John Charles was sued, in 1646, by John Evance, for damage to a vessel and it's cargo. The vessel was mishandled during a storm, causing the damage, but John Charles made the claim that he was not the master of the ship at the time. John Charles was charged L67 in damages to ship and cargo, and costs of court. Testimony can be read in the Colony records starting at pages 281-291. He was further charged L20 for contempt of court and L50 to Mr. Evance for slander.
Several interesting points come out in this testimony. John Charles didn't know how to read. John Moss called him "brother." As a master seaman, he was often away sometimes sailing to Virginia and England.
In 1652, James Rogers, of Milford, charged John Charles with taking his apprentice boy, Daniel Turner, away to Southold, Long Island, in his boat. This had been tried once in the Fairfield, Connecticut, court and found in favor of Charles, but the New Haven town court felt they could try it again if there was new evidence. They, however, ended up suggesting that an arbitration be set up in the matter.
In 1657, some goods belonging to John Charles, were attached by Mr. Hudson and Henry Glover, who claimed them because of damages caused by Charles.
June 10, 1667, John Charles and other residents of Branford signed an agreement to "call" an orthodox Congregational minister, encourage the gathering of a church and supply maintenance.
An Inventory of the Estate of John Charles senior, late of Branford, was taken 15 October 1673. The estate was valued at L91.02.00, the sum of L6.12.06 was added later, and there were debts of L1.17.06. Debts due the estate were over L67.There was no real estate, and he had L54.15.00 in silver and gold.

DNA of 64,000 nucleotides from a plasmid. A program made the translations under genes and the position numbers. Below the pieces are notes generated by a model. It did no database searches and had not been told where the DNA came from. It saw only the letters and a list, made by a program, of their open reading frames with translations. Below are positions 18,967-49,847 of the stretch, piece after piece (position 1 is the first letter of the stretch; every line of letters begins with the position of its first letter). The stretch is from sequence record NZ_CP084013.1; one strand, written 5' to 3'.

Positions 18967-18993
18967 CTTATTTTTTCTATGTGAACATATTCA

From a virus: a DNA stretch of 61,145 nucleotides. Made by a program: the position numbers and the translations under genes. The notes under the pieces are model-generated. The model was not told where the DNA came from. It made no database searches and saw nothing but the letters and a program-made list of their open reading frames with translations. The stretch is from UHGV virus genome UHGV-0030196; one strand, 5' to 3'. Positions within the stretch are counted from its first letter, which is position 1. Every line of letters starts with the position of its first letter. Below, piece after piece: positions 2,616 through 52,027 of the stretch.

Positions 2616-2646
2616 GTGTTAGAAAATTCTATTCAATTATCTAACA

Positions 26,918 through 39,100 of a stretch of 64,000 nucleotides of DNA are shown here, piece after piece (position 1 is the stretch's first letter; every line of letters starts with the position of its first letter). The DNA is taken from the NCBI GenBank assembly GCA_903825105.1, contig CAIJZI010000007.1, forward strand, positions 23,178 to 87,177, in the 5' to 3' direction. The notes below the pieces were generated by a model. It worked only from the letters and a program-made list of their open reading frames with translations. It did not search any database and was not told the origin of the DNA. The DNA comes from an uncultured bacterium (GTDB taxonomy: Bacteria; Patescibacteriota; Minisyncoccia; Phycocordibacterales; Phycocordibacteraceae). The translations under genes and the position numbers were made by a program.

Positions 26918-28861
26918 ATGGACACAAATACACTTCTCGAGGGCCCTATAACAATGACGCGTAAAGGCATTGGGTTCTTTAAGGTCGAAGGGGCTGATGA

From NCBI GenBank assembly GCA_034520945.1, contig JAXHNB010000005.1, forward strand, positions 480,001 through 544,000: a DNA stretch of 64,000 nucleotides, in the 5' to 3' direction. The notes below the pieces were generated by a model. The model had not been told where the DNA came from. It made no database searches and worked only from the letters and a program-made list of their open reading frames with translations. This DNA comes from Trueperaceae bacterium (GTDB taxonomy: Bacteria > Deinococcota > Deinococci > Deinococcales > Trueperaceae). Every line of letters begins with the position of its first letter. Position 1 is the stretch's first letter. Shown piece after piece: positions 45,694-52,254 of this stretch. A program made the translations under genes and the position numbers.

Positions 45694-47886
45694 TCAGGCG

A distribution of the estate 12 November 1673, mentions John Charles, his only son, Jonathan Rose husband of Delivered, the only surviving daughter. L45 was paid to the children of William Backhus and his deceased wife Sarah (daughter of John). L3:10s was paid to John Peate who married another daughter of John also deceased. A silver tankard was given to John Rose, son of Jonathan Rose, and two best pewter platters were bequeathed to Lydia Rose, daughter of Jonathan. Martin Tichenor and his children were to receive "such portion, portions, or dues as shalbe allotted unto him, or them, after their case may be duly heard & Considered at ye next Court." The residue was ordered, two-thirds to the son John, and one-third to the son-in-law Jonathan Rose.
Older genealogies, all state that John Charles, probably married a sister of John Moss, since John calls him brother. Of course it could be that John Moss married Charles' sister.
"Freedoms Call" states a marriage date of 23 Jun 1636 in Charlestown, Massachusetts, to Sarah (Moss) Geer, widow of John Geer, but cites no source for this marriage.
See Also John Charles Bio with Sources
"CHARLES, JOHN, Charlestown 1636, rem. to New Haven, there had Sarah, b. Oct. 1637, bapt. Oct. 1640; and John, bapt. 20 May 1649; rem. to Branford, was there join. in the compact of sett. 1667, and d. 1673. Other ch. are ment. as Mary, wh. m. 16 May 1651, Martin Tichenor; one d. w. of Jonathan Rose; ano. w. of John Peate; and Sarah m. William Backus."